Now with a chutzpah born of humility, may I suggest that we are, perhaps, at risk of such faith – that we are a parish of paradox, a community of stretched in contradictions:


Small yet perhaps significant,

Poor yet resourceful, resourcefully poor,

A success, our failures notwithstanding,

Our weakness, our strength.

At risk yet risking,

Confused, conflicted yet confessing,

Loving yet losing it,

Welcoming yet wary.


As a communal contradiction, we are, perhaps, a communal koan. We know something of spirit’s abundance within despite scarcity. We are, perhaps, an embodiment of Paul’s ecclesial vision. In short, we are, so I am hoping, a community of the cross, stretched and living in tension yet perhaps expressing spirit’s gifts. There is no understanding of us unless it is to understand us as living in the chaotic, promising, somewhat mad, paradoxical tension of the already/not yet in which we are continually surprised yet never sure of what will be.


This is the enlivening ‘promise of paradox’, the ‘grace of embrace’ in which we seek to embody and express Christ alive in us while embracing the inadequacy, the incompleteness, the failures of our response. This is faith living life in full knowledge of ‘the hard possibility of stoppage’; this is faith risking living life as ‘light breaking forth like the dawn’.


We are a communal koan – an incongruous, silly, sacred communal conundrum, an impossible paradox.⁶


This is our story. This is our identity, our voice, our soul, our saltiness if you will, and if we lose it, if we refuse it, we are ‘no longer good for anything’. If we embrace the truth of the paradox of our own path, our ‘identity in contradiction’, if we are worth our salt then ours will perhaps be a story of ‘the light of the world’, small though we may be, a light which cannot be hidden.


To be worth our salt is to embrace the sacredness of our story – our personal stories lived within communal stories within other stories within sacred story, always different, sometimes in tension, sometimes conflicted, yet always interconnected. Our story is not so much a moralistic tale, a static life lesson for others to follow as it is an expression of the open-ended art of storytelling. A story about story as told by Martin Buber illustrates:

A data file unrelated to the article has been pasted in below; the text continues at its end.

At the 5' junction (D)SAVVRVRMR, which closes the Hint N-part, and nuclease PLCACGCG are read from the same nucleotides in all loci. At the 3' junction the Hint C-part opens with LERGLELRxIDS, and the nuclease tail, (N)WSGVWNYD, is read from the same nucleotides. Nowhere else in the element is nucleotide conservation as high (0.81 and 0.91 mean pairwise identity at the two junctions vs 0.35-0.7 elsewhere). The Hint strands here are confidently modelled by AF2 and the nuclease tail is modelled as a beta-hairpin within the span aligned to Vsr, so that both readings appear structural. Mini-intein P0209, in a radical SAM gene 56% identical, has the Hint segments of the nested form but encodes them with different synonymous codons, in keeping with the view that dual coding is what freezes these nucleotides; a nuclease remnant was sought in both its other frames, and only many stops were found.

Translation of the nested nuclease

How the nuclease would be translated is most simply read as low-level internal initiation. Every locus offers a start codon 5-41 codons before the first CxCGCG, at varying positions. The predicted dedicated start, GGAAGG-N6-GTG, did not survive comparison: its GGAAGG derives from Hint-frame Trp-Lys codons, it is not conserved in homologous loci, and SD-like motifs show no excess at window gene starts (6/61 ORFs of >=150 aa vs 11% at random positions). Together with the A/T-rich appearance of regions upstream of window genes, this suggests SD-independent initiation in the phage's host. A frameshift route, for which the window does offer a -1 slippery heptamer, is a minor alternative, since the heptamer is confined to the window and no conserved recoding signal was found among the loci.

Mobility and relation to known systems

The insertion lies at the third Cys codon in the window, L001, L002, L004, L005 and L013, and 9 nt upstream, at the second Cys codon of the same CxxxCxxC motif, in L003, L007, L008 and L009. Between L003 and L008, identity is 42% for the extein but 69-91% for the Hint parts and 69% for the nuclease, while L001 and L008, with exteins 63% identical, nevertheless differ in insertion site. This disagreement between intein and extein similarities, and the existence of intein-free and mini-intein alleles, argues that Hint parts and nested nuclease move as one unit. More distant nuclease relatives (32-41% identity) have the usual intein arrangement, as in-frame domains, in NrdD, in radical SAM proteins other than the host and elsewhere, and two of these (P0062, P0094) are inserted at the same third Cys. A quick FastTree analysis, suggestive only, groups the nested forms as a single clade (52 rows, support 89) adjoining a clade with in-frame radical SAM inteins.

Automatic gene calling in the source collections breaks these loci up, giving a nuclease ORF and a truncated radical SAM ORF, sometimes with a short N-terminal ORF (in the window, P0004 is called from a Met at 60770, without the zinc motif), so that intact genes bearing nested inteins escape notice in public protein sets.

A story must be told in such a way that it constitutes help in itself…My grandfather was lame. Once they asked him to tell a story about his teacher. And he related how [his teacher] used to hop and dance while he prayed. My grandfather rose as he spoke, and he was so swept away by his story that he began to hop and dance to show how the master had done it. From that hour on he was cured of his lameness. That’s how to tell a story.


Ours is a story, or as I said, a story within stories demanding to be told; our story demands not empty imitation but the embodiment of restless passions dangerously inviting the work of the soul. Ours is a story demanding to be told by us to us, by us to others, ‘told in such a way that it constitutes help in itself’; for we are a communal parable, a communal koan of spirit’s art embodying the discipline of living into ‘life unfurling’.


And to you, to us, this communal koan is entrusted, the work of this communal parable – it’s about the work.




 ¹ From the poem Walking to Oak-Head Pond by Mary Oliver

 ² Ibid

 ³ From the poem When Death Comes by Mary Oliver

 ⁴ Mary Oliver, Walking to Oak-Head Pond

 ⁵ A Koan is a ‘word tool’ used by some teachers of Zen Buddhism to guide or sometimes goad students along the path to enlightenment. They are purposefully incongruous, silly questions sounding much like, as some Westerners have said, ‘transcendental horseplay’. Students are to wrestle with a koan until they ‘get it’, whatever getting it means. A well-known example of a koan is, “What is the sound of one hand clapping?”  A Christian koan may be the resurrection, the cross or “When I am weak, I am strong”! As for St. Mary Magdalene, one could ask, “How do you live the immensity of small?”

 ⁶ Community, in so far as it is authentic – if there is such a thing - is less a gathering of those identifying what is possible, prioritizing and then acting as it is a gathering of those seized by, inquiring of, an art, the art of making the impossible possible. It is for this reason that community is always political as politics, as it serves justice and communal well being (i.e. rises above partisan politics), is the intentional practice of this art.

 Martin Buber, Tales of the Hasidim: Early Masters (New York: Schoken Books, 1974) pp. v-vi